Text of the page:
June 3, is Uganda Martyrs Day and for Christians, this is a period of self-reflection and celebration.
It is a day when thousands of local and international Christian pilgrims converge at Namugongo martyrs shrines to commemorate the death of 23 Anglican and 22 Catholic converts to Christianity who were executed between November 1885 and January 1887.
Because it is such a big occasion, it has over the years superseded its religious significance to encompass other social and economic aspects. For decades, business people living near the shrines and from other parts of the country have thrived off this day, selling all sorts of merchandise to the pilgrims.
Now the business is going a notch higher as the government and the respective religious institutions (Anglican and Catholic churches) seek to harness the tourism potential of the shrines. Last week, the Anglican Church unveiled a multi-billion project that will see part of the Anglican Martyrs Shrine at Namugongo turned into a museum.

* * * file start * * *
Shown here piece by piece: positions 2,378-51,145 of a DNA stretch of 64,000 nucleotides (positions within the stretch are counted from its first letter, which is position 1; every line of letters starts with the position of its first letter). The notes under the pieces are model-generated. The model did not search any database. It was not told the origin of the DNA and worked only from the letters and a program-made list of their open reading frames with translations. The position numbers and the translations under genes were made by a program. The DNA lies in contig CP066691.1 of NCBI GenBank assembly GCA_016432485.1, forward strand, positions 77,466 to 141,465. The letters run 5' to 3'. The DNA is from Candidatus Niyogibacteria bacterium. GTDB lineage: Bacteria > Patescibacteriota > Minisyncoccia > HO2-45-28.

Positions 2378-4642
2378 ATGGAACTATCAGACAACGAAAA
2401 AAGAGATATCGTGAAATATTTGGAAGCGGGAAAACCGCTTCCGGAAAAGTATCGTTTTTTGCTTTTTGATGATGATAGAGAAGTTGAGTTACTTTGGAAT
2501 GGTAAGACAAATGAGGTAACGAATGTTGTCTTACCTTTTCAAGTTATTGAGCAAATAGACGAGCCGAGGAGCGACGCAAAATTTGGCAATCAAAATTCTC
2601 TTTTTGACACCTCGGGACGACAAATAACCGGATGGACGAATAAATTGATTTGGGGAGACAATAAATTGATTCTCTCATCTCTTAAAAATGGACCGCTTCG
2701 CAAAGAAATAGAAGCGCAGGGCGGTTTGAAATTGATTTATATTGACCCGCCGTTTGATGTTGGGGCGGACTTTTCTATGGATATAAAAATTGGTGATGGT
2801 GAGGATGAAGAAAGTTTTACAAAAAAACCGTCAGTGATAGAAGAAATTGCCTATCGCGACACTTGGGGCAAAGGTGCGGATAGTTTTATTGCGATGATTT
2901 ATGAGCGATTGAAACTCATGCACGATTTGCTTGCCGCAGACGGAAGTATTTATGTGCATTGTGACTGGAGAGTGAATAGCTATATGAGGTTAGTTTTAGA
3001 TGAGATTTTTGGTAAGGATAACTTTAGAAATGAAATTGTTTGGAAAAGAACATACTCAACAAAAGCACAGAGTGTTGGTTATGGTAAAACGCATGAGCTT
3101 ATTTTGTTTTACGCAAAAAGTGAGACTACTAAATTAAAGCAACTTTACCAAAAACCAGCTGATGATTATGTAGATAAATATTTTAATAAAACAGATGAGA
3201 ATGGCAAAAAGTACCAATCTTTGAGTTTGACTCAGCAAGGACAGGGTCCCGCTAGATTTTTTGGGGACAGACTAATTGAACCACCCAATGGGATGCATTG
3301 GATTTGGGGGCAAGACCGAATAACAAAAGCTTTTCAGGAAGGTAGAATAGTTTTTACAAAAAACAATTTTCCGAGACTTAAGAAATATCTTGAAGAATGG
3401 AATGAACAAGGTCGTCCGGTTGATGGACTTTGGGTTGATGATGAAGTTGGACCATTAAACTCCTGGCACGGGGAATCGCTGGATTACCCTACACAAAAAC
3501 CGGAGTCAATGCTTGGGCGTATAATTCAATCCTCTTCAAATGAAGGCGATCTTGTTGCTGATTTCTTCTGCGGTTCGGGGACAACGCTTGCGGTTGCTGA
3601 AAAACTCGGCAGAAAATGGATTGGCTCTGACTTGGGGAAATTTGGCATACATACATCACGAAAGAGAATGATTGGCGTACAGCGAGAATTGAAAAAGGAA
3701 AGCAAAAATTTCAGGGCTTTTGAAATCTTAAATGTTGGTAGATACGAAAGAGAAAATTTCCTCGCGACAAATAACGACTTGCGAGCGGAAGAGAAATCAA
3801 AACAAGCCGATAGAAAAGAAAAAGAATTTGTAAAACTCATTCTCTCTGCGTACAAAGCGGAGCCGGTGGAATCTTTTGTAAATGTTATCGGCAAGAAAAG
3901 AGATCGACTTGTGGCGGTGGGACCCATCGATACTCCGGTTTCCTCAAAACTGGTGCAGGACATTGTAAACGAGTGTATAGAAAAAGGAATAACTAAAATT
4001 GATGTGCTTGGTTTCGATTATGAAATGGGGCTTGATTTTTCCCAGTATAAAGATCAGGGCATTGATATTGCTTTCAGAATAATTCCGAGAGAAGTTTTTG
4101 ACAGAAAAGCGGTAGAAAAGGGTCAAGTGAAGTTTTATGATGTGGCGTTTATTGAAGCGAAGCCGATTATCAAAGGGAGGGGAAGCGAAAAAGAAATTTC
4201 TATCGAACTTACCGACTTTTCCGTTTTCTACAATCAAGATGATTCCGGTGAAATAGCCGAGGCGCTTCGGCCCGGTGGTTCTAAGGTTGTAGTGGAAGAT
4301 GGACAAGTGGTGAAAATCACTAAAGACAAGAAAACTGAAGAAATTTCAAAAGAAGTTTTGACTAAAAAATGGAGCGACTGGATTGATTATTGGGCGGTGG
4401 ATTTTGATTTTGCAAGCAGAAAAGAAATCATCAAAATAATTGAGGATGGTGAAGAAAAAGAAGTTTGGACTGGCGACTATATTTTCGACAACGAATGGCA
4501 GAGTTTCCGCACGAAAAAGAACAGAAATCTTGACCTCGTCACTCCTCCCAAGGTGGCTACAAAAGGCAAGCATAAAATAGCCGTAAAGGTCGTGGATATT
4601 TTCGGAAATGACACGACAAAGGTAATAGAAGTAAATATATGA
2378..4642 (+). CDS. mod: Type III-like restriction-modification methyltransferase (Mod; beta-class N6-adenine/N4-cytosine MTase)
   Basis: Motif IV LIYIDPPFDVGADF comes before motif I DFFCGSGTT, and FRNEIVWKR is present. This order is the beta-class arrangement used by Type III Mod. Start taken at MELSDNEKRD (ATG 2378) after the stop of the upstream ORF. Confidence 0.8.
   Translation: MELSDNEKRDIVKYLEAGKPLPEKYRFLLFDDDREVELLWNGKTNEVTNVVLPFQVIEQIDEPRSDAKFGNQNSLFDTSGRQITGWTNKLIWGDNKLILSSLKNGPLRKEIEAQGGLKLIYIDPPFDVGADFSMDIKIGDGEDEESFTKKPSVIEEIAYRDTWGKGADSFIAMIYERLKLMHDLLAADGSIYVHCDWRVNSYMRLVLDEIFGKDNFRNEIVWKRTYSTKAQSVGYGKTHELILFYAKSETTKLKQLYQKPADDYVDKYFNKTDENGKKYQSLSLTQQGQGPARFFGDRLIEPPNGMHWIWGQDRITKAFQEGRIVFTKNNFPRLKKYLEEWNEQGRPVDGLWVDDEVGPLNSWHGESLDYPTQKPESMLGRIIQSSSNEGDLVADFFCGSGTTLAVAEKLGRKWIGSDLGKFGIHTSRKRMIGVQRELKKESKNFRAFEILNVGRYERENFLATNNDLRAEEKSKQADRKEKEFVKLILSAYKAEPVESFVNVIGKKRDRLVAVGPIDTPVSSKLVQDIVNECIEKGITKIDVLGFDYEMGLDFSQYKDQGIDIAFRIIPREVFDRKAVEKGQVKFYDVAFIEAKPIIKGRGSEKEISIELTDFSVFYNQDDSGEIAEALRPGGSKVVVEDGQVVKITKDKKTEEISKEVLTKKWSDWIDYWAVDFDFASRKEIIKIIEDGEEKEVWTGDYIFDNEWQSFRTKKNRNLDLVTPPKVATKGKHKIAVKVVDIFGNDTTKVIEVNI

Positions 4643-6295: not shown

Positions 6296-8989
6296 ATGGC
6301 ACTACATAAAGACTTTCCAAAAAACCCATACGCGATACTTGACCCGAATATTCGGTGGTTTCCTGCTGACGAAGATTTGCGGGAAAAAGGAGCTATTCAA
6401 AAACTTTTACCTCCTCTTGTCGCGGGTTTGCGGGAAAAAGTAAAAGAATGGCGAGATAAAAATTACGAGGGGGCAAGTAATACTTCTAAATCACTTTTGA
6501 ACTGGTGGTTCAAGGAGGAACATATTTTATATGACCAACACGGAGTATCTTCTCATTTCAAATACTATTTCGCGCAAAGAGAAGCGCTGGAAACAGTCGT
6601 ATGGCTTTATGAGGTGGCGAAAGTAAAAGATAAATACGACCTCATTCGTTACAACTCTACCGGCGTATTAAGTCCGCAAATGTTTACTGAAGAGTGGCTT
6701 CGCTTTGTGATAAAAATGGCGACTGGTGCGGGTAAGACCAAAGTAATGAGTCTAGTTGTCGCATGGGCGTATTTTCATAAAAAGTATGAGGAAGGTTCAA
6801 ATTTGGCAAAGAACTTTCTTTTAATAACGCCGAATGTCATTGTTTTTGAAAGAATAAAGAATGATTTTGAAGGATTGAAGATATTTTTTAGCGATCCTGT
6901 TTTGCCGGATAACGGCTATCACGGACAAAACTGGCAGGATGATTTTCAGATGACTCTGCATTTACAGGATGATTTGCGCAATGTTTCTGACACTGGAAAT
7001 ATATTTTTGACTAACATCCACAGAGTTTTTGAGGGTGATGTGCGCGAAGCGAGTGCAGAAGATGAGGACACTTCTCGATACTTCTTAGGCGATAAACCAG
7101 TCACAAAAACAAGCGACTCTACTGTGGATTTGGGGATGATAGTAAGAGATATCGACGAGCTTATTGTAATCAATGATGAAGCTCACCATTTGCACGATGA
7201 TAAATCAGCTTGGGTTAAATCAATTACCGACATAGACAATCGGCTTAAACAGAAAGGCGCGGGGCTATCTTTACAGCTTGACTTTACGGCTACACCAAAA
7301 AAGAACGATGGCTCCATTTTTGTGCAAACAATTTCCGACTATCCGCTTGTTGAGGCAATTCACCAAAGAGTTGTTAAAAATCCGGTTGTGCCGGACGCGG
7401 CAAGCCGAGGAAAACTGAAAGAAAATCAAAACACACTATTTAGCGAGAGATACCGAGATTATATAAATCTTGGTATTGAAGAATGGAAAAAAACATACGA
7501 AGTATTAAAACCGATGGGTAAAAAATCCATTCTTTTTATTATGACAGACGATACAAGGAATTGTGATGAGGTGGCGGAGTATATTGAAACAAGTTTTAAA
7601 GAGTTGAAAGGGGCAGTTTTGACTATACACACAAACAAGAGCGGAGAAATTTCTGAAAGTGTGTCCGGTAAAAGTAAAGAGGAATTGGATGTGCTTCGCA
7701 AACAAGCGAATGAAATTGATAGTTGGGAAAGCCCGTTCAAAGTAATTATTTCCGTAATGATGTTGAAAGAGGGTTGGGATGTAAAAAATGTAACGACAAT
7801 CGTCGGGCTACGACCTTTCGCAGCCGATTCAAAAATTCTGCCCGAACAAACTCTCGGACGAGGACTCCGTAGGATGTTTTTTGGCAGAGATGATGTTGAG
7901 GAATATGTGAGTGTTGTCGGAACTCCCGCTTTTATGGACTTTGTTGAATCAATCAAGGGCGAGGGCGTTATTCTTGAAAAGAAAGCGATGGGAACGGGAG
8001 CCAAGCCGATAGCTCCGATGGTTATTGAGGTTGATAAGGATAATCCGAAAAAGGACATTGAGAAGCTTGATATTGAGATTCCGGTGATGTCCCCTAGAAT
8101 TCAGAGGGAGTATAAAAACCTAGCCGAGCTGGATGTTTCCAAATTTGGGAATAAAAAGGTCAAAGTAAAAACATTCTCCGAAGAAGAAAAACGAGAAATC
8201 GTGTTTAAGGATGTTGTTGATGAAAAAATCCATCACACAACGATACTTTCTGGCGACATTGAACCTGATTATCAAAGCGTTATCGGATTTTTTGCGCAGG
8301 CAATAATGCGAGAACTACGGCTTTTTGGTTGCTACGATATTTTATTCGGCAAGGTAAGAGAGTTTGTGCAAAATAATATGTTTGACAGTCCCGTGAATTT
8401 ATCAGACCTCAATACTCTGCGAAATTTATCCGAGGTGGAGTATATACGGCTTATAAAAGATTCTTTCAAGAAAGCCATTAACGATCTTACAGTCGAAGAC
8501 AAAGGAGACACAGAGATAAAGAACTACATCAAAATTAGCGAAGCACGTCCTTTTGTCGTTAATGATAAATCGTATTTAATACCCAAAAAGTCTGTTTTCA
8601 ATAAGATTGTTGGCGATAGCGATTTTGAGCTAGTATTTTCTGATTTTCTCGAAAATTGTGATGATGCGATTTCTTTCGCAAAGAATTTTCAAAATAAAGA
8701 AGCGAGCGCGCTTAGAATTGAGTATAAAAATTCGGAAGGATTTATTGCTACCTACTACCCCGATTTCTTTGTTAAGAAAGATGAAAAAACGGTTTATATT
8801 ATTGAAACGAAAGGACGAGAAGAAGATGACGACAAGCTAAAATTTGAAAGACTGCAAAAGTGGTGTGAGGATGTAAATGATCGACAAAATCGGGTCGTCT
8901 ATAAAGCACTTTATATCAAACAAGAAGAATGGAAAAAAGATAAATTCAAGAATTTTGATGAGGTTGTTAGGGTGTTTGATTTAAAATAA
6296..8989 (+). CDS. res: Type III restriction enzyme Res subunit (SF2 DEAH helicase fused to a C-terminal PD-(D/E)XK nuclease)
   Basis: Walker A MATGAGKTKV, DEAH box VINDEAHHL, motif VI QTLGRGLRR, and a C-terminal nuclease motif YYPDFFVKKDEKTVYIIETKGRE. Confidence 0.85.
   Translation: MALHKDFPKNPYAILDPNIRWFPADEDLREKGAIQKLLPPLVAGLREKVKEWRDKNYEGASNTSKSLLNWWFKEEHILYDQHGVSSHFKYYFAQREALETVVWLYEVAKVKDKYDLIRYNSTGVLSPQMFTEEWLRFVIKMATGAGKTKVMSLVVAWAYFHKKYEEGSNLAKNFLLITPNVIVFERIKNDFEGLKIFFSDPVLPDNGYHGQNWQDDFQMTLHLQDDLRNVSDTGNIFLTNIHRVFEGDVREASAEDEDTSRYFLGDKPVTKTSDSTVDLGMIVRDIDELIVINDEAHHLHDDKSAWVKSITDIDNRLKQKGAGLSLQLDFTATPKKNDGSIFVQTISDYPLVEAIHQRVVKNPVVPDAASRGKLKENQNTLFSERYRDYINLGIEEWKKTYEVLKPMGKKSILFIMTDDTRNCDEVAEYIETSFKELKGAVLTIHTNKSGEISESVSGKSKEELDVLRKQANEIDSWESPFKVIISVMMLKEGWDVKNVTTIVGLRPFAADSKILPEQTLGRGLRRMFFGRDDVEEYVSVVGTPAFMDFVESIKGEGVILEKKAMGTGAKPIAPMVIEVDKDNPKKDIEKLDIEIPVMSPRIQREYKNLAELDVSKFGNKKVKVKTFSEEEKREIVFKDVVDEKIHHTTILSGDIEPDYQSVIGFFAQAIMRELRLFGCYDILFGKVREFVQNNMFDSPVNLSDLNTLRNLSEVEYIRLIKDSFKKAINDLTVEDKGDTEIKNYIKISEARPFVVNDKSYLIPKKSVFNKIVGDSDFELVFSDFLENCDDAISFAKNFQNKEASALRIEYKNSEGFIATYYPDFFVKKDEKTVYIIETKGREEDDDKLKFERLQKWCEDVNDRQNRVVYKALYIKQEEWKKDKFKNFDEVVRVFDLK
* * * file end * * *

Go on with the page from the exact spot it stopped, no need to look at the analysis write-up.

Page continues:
The museum, whose construction is expected to kick off early next year, is intended to showcase the country’s rich cultural and religious history. This comes at a time the Uganda Tourism Board (UTB) has introduced the Martyrs Trail in an effort to promote “religious pilgrimage tourism.”
With the UTB innovation, tourists or pilgrims will now be able to follow in the footsteps of the martyrs. Meanwhile, the Catholic Church announced plans in February to construct a three-star hotel at the Namugongo Catholic shrine. The planned structure, to cost an estimated Shs 2.5bn, will have at least 75 self-contained rooms, a modern library and a conference hall.
If all these projects come to fruition, and we pray they will, the shrines will have added to Uganda’s portfolio of tourist attractions and consequently a good source of revenue for the country and the institutions involved.
We would then follow in the footsteps of countries such as Israel (holy land), Italy (Rome), Saudi Arabia (Muslim pilgrimage), Egypt (pyramids) and Turkey (Blue Mosque), among others, which have long recognised and tapped their rich cultural and religious heritage.